27 Aug 2016

Each year, students from the Lee Kuan Yew School of Public Policy’s Master in Public Administration programme undertake a year-long Governance Study Project (GSP) as part of their curriculum, to prepare them for policy work. This year’s students focused on policy ideas to improve the city of Chiang Mai, Thailand, and they presented their findings to Thai officials and other guests at the GSP Conference organised by the school on July 4, 2016.

Change is afoot in Chiang Mai, which is Thailand’s second-largest city and one of the most important cities in the Asia Pacific region. With a population of more than one million people and a history that spans 720 years, Chiang Mai is striving to protect its heritage and culture while embracing new technologies and a more modern way of life.

To realise its full potential, however, it should take bolder steps to transform itself into a creative city focused on tourism and the arts, and improve its poor public transport network, which is limiting its development, said two groups of students in the Lee Kuan Yew School of Public Policy’s Master in Public Administration programme. They had focused on the city for their capstone Governance Study Project (GSP).

The one-year, full-time programme prepares students for senior management roles in the public sector, while the project is a year-long module that requires them to work in teams on public sector problems in the region. The 2016 cohort conducted research during the year and spent weeks in Chiang Mai interviewing policy-makers and other stakeholders to understand how it could be developed sustainably as one of Thailand’s secondary cities.

A Creative Transformation

One team, whose project was titled “Chiang Mai: Creative City, Creative Economy” and focused on the city’s economic prospects, noted that its economy remains disproportionately small. Chiang Mai contributes less than 2 per cent of Thailand’s Gross Domestic Product despite being its second-largest city, after Bangkok, and its Gross Provincial Product per capita was also less than 60 per cent of the national average in 2013.

Agriculture, hunting and forestry remain its main industry, and there are few value-added industries. “While Chiang Mai produces 100,000 graduates from its local universities each year, many end up pursuing career opportunities elsewhere, typically in Bangkok. Chiang Mai needs to reinvent itself to create jobs that excite the young and attract talents from elsewhere,” the team wrote in its 102-page paper.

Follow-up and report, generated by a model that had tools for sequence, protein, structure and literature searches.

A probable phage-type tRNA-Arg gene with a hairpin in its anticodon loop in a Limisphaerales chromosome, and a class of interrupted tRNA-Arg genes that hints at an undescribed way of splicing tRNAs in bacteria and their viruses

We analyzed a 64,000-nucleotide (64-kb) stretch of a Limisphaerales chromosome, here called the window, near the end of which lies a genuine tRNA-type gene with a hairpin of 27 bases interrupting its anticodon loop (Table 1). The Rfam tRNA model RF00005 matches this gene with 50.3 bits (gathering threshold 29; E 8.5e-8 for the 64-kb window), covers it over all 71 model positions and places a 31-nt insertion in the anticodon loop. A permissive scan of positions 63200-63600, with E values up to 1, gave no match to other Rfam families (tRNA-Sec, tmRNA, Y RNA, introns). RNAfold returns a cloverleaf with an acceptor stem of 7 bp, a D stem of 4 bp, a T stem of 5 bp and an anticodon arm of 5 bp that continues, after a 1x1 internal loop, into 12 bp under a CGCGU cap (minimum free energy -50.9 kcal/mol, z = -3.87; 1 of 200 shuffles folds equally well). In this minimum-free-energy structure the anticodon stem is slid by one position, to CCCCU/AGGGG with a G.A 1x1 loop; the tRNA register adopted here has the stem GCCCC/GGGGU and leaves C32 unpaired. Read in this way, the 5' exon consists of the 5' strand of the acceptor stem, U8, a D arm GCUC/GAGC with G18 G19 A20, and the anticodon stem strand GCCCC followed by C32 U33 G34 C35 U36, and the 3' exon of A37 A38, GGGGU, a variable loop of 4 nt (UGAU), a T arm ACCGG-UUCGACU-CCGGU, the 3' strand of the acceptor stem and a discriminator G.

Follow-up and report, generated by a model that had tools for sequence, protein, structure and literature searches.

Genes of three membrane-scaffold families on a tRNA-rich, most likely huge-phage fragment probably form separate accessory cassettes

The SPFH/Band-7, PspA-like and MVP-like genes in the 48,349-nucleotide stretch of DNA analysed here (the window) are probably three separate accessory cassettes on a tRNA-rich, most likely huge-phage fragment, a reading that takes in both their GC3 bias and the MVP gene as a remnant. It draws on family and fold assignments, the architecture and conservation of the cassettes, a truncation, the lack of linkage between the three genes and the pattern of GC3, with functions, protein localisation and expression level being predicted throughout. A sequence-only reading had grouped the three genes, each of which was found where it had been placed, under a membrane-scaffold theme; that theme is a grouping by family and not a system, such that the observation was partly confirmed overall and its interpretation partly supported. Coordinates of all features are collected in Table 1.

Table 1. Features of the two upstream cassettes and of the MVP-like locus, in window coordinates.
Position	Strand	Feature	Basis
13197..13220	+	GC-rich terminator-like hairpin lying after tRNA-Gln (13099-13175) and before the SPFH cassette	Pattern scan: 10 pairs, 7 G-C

The city already has the building blocks of a creative city. It is home to a large number of digital content designers, and has the potential to attract more by capitalising on its rich history as the seat of the former Lanna Kingdom, which spanned most of Northern Thailand as well as parts of Myanmar, China and Laos.

Chiang Mai can build up its nascent media industry by developing original content in different genres, focused on the Lanna Kingdom connection. These could include pairing local media companies with internationally-established ones such as the Discovery Channel and National Geographic to produce documentaries on the kingdom’s history, culture and lifestyle.

Another option is to create new stories from the myths and folklore about the Lanna Kingdom, for film and television. South Korea, for instance, has been very successful in boosting its media industry by spreading K-Pop culture around the world.

By focusing on its history as capitol of the Lanna Kingdom, Chiang Mai can also sharpen its tourism brand, create new cultural products and boost the sales of existing ones. The kingdom, for instance, was famous for its Khun Tok Dinner. This could be revitalised and shared around the world as a form of cultural influence, just as Thai cuisine is currently found in many parts of the world.

Looking Farther Afield

The team’s research showed that other towns and cities such as Kumano Town in Japan, Paju in South Korea and Beirut in Lebanon had reinvented themselves as creative cities by focusing on specific products or industries. Some of them had translated historical strengths into new economic opportunities while others filled gaps in their national markets.

Kumano revitalised its declining, traditional calligraphy brush-making industry by moving into cosmetic brush manufacturing. Paju branded itself as a Book City, while Beirut united public and private resources behind its plan to become a hub for digital and media content creation.